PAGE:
Open Access

Linear system construction of multilateration based on error propagation estimation

EURASIP Journal on Wireless Communications and Networking20162016:154

https://doi.org/10.1186/s13638-016-0657-6

Received: 13 March 2016

Accepted: 14 June 2016

Published: 29 June 2016

Abstract

Iterative localization algorithms are critical part in the control of mobile autonomous robots because they feed fundamental position information to the robots. In a harsh unknown environment, the estimation of environmental noise is hardly obtained during the movement of the robots. It means that the state-of-the-art methods, which increase localization accuracy using error management, are unsuitable. In this paper, we deduced an upper bound of the localization error without knowing the precise model of environment noise when the anchor nodes have position errors. Utilizing the minimum upper bound, we can construct an optimal localization linear system of iterative localization algorithms based on least square. An algorithm of generating localization linear system is proposed by using the minimum upper bound. The algorithm reduces the impact of the shortage of environmental information on localization error propagation. Our simulation results show that the algorithm is insensitive to noise and can improve the localization accuracy by constructing a proper localization linear system with a high probability.

Keywords

Iterative localization Error propagation Upper bound Orthogonally invariant norms

1 Introduction

Indoor iterative localization algorithm of autonomous robots is an active subject because of the environmental complexity. The coordinates of autonomous robots are the fundamental parameters of robot control [1]. Due to the absence of Global Positioning System signals in an indoor-like environment, the autonomous robots need an iterative localization algorithm to provide their position information. Laser, sonar, infrared, visual sensors, or some combinations of these methods are used to locate the robots [2]. However, those technologies may fail in some harsh environments, such as a firing building which is dusty, smoky, and dark.

Iterative localization based on Received Signal Strength (RSS) is a suitable option to provide the position information in a harsh scenario [3]. Indoor iterative localization based RSS is exploited in ranging-based techniques, which maps the distance by a measurement of RSS, see e.g., [46]. Since the measurement noise is inevitable in the practical localization system, algorithms are proposed to improve the localization accuracy. In those algorithms, the key component of decreasing localization error is to estimate the measurement noise. And, those algorithms work effectively if the noise is estimated precisely [7]. However, in a harsh scenario, the noise estimation is almost impossible to be achieved because of the insufficiency on measurement noise caused by the robots mobility [8]. A new strategy of improving localization accuracy is needed to solve the problem. Actually, localization accuracy is influenced by the construction of localization linear system (LLS) when least square is used to calculate the position of the unknown node. Therefore, we can decrease localization error by constructing proper LLS. In this paper, through the studying of upper bound of localization error of LLS, an upper bound of error propagation in the localization is proposed. And, an algorithm which can be used to improve the localization accuracy without environmental noise estimation, by utilizing the upper bound to generate an optimum LLS.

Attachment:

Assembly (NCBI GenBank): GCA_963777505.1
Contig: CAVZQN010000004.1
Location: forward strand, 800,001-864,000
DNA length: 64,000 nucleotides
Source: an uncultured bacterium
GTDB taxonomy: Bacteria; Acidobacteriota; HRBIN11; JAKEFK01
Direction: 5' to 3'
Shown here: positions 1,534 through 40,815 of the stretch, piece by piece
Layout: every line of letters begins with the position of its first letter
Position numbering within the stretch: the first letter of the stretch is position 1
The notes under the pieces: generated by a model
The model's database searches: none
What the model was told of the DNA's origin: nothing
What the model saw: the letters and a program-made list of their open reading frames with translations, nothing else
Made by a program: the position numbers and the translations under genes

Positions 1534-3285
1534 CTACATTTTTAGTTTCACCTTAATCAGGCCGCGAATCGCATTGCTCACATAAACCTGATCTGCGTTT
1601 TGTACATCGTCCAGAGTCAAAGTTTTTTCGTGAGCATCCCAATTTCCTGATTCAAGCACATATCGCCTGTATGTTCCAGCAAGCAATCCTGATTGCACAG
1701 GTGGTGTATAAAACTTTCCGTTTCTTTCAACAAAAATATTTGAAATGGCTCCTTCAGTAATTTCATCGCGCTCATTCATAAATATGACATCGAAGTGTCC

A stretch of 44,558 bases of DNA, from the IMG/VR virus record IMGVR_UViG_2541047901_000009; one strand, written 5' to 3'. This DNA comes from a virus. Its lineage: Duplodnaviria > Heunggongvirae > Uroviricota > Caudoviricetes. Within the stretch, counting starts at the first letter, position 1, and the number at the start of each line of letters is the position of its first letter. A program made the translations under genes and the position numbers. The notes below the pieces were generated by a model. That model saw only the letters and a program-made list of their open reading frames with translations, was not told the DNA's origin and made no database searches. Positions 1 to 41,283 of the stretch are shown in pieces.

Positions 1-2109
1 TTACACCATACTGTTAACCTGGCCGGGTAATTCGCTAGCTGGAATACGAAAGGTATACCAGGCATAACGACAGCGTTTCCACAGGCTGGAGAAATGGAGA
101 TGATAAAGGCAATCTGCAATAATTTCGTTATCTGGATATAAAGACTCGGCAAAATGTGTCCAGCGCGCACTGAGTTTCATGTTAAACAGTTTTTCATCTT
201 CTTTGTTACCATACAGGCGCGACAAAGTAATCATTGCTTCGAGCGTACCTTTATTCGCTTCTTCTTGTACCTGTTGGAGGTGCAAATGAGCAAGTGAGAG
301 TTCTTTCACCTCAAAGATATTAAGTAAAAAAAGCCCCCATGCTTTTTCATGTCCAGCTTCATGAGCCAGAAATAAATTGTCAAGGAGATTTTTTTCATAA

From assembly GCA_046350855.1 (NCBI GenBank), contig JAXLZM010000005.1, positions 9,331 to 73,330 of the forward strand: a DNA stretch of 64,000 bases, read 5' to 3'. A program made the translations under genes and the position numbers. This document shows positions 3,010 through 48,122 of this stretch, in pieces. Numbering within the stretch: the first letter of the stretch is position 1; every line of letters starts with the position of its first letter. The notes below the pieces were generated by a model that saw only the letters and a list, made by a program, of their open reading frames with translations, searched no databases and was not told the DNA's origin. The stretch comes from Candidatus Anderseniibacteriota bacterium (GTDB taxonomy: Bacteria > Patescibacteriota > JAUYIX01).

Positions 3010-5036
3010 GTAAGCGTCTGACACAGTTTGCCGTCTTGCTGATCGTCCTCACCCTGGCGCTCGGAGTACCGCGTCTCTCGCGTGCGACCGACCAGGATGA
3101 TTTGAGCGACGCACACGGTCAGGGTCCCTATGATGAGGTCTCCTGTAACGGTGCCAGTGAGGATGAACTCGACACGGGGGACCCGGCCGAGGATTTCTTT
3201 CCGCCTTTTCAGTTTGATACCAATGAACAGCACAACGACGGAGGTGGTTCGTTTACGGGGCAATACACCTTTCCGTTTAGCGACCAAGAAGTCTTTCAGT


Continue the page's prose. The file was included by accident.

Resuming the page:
The paper is organized as following: In Section 2, related works are introduced. In Section 3, the key step of iterative localization is briefly described to introduce the symbols. In Section 4, after introducing the orthogonally invariant norms, it is given that the error upper bound of localization using anchors with localization error. And, an algorithm of improving localization accuracy is proposed by constructing optimum LLS which uses the minimum upper bound. In Section 5, the random and efficient of algorithm are verified by simulations.

2 Related work

The iterative localization algorithm is a distributed, infrastructure-free positioning algorithm to calculate nodes’ positions in the ad hoc networks [9, 10], which is a “spreading” process of node information. The process consists of three processes, which are node registry, neighbor selection, and update criterion [11].

The main difference between the iterative localization and the common localization is that the coordinates of located nodes are used or not to calculate the unknown nodes. In iterative localization, there exists unknown nodes that will use the nodes’ coordinates which is calculated with localization error. It means that anchor node coordinates may or may not have errors in a coordinate calculation process. To distinguish the anchor nodes with position error from those nodes with precise coordinates, the anchor nodes without coordinate errors are named origin-anchors, while the others are called pseudo-anchors. Based on the notions, a typical iterative localization algorithm carries out in the following steps: